The coronavirus pandemic has many people feeling stressed or overwhelmed. We’re in an unprecedented crisis that can have all of our emotions out of whack. Your children probably have those same thoughts and feelings, but may find it difficult to express them appropriately. We are dealing with unprecedented times across our country, and it’s more important than ever for your kids to know exactly what’s going on inside of them. It’s also vital for them to understand and vocalize their emotions, recognize the thoughts behind what makes them happy or sad or scared or stressed. Does the cabin fever have you stressed? Here are three ways to help your kids manage their emotions during the Covid-19 Pandemic.
Cabin Fever: Three Ways to Help Your Kids Manage Their Emotions During the COVID-19 Pandemic
In this article:
- Create a Thought-Feeling Emoji
- Play the “Up and Down” Exercise Game
- Develop a Daily Emotion Checkin Routine
Create a Thought-Feeling Emoji
Print and cut out “emoji’s” representing different emotions. You can have your children write on the back of each emoji cut out what thought makes them feel that way (e.g. cut out a happy face emoji and have your child write on the back (or you do it for them) what thought makes them feel happy, etc.). Cut out a variety of emojis (including sad or afraid faces) and have your child “process” what thoughts make them feel those emotions by writing out what makes them feel that particular emotion. This is a great way to help them “think about what they’re thinking about” throughout this challenging time.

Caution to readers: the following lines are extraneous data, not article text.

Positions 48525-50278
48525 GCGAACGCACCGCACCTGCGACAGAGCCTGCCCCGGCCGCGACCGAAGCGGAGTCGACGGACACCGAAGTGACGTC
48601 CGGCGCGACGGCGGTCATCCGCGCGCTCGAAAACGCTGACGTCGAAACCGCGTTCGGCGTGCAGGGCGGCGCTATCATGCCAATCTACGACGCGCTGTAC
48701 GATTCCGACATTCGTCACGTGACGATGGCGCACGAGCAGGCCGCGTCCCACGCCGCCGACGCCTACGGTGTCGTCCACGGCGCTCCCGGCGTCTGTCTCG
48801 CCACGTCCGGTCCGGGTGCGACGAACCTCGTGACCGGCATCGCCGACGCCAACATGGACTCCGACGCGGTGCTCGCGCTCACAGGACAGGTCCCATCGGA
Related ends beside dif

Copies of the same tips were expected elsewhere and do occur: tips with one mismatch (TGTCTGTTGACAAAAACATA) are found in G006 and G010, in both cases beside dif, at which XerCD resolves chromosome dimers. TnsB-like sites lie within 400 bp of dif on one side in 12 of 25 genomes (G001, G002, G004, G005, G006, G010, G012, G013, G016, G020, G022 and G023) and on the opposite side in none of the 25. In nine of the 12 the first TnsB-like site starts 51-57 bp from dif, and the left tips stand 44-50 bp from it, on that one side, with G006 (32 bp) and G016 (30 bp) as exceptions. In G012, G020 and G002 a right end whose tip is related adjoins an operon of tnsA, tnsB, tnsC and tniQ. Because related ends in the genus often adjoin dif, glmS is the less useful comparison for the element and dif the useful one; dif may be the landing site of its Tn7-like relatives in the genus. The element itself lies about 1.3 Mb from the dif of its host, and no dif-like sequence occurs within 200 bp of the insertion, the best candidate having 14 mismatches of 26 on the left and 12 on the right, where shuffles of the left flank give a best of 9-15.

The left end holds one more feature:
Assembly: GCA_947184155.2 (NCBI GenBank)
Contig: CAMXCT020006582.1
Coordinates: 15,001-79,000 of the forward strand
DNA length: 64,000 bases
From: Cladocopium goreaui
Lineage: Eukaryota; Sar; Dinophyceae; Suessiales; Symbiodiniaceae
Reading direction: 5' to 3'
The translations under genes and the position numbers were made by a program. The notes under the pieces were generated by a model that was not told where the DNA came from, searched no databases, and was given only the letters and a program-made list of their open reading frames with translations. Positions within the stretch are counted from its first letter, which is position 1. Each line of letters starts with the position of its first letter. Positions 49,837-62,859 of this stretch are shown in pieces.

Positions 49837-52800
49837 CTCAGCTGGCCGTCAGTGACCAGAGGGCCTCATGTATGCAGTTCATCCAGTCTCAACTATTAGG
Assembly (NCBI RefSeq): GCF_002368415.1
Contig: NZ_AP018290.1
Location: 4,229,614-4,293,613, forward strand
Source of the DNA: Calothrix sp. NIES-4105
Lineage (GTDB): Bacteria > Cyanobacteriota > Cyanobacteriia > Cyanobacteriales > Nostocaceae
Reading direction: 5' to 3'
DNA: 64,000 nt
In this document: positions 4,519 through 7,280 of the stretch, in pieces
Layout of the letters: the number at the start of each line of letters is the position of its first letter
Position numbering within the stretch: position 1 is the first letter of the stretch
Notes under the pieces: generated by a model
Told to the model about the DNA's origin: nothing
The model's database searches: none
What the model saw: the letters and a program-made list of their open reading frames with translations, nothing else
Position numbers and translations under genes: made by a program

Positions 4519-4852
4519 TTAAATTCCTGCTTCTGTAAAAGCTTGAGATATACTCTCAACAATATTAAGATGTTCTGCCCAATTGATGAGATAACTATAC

Play The “Up And Down” Exercise Game
To help your children understand that thoughts and feelings take us “up or down” have your kids sit on the floor. Have the leader grab the emoji cut-outs that you’ve made and show emotion. If the emotion is positive (e.g.: happy, excited, love) have everyone jump up. If the emotion is negative (e.g.: sad, afraid, angry), have everyone sit down (or fall down to the ground). Continue playing until everyone is exhausted! You can add the element of thinking by having everyone shout out what thoughts are making them feel positive or negative. Be sure to end this game on a positive note.
Develop a Daily Emotion Check-in Routine
Before you go to bed for the night, spend some time with your children doing an “emotion check-in.” Ask your children what thoughts they’ve had during that day that made them feel happy or sad, scared, or anxious. This is a perfect time to sort, process, examine, and validate your kids’ feelings. Remember to leave this time on a positive, loving note to help them sleep peacefully through the night.
At the end of the day, it’s all about recognizing and understanding emotions and finding peace, which is more important now than ever in the midst of this global pandemic. Visit www.strongkids.me for more information and resources.
About the Authors
Jennifer Keitt is a 30+ year media veteran and is widely known as one of the most passionate, engaging, and powerful voices on the airwaves. Since 1991, Jennifer has reached millions of listeners daily through various on-air experiences on the radio. She holds a Bachelor of Arts in Broadcast Journalism and a Master of Arts in Practical Theology. Jennifer is a certified Human Behavior Consultant, an Executive Life Coach, and is currently pursuing a Doctorate in Education with a concentration in Education Psychology. Based in Atlanta, she currently lives happily as an empty nester with her husband Tony.
Naomi Keitt has spent the last 7 years anchoring and reporting the news across the country. She knew from an early age that she wanted to be a reporter, spending time in high school editing the school newspaper and graduating from the University of Georgia with a degree in Digital and Broadcast Journalism. Naomi has spent the last 5 years anchoring and reporting in Tulsa, OK. In her free time, she loves reading, hanging out with friends, shopping, volunteering with children, and getting to know new people.